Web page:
Does anyone remember the wretched, filthy market that was there before? The market that was the subject of a law suit the City lost? No one walked there. It was unsafe and dirty.

    To attract the businesses that are there the developer had to provide more parking than is required by zoning. In fact they had to get special permission to build the parking. One could find the approvals for the project on the City’s website, if one were inclined to do research.

  • J. Mork

    They are there because they feel it’s the best choice available. But that doesn’t automatically mean it’s a good choice, or that car-based development is good for an urban area.


Meet the Designer Behind the NYC Parking Boom

Earlier this week, the Times real estate section profiled the developer-architect team behind East River Plaza, a big box retail outlet in East Harlem that will include 1,248 parking spaces when it opens next year. In the piece, we learn that the project’s designer, an Atlanta-based Home Depot specialist called GreenbergFarrow, is responsible for other […]

Bloomberg: Buildings Can Be Green and Full of Parking

Mayor Bloomberg at today’s Gateway Center grand opening. Photo: WNYC. Kudos to Mayor Mike for calling out the Senate Dems’ poor excuse for an MTA plan. If only Bloomberg could see his own policies with such clear eyes. Yesterday the mayor unveiled a package of legislation designed to cut carbon emissions produced by buildings, to […]

Bus Depots a Symptom of Environmental Injustice

  Gotham Gazette talked recently with Cecil Corbin-Mark, of West Harlem Environmental Action (WE ACT), about environmental justice in Upper Manhattan. WE ACT formed in 1988 to fight the siting of a sewage treatment plant, a bus depot and a garbage transfer station in an area already bearing an undue share of the city’s environmental […]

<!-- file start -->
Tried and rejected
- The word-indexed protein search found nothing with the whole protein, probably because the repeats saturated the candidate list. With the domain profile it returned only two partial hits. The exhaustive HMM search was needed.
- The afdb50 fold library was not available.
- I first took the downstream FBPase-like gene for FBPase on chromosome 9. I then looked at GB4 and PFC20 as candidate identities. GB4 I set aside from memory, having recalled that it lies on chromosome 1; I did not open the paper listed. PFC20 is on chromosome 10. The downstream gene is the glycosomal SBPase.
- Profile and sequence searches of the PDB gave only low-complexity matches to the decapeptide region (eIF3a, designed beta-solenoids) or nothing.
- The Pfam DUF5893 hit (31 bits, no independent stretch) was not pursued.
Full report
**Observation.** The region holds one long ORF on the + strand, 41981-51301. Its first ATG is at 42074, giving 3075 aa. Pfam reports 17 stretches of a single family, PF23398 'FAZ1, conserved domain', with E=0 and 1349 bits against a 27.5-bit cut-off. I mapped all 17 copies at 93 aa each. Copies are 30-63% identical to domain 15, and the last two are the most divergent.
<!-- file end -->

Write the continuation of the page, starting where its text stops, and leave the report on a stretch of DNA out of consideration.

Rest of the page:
Department of City Planning Continues to Restrict Development Near Transit

The Department of City Planning’s commitment to rezoning the city along more transit-oriented lines is a critical component of its sustainability agenda. Allowing more people to live and work next to transit means more people will ride transit and fewer will drive. Under Mayor Michael Bloomberg and City Planning Commissioner Amanda Burden, upzonings have indeed […]

The Winning Transpo Formula for a Third Term: Sustainability + Populism

Mr. Bloomberg, tear down this highway. A vision of West Farms Road with housing and shops instead of the Sheridan Expressway. Image: South Bronx River Watershed Alliance. Following Tuesday’s citywide elections, Streetsblog asked leading advocates and experts to lay out their ideas for the next four years of New York City transportation policy. What should […]

NYCEDC’s Yankee Stadium Parking Debacle: Who Woulda Thought?

In news that should surprise no one, the taxpayer-financed Yankee Stadium parking garages have been declared an unmitigated disaster. Anyone could have seen the deal was a loser from the start — that a sports stadium served by subways, buses and a new commuter rail station, a stadium that would have fewer seats for fans, […]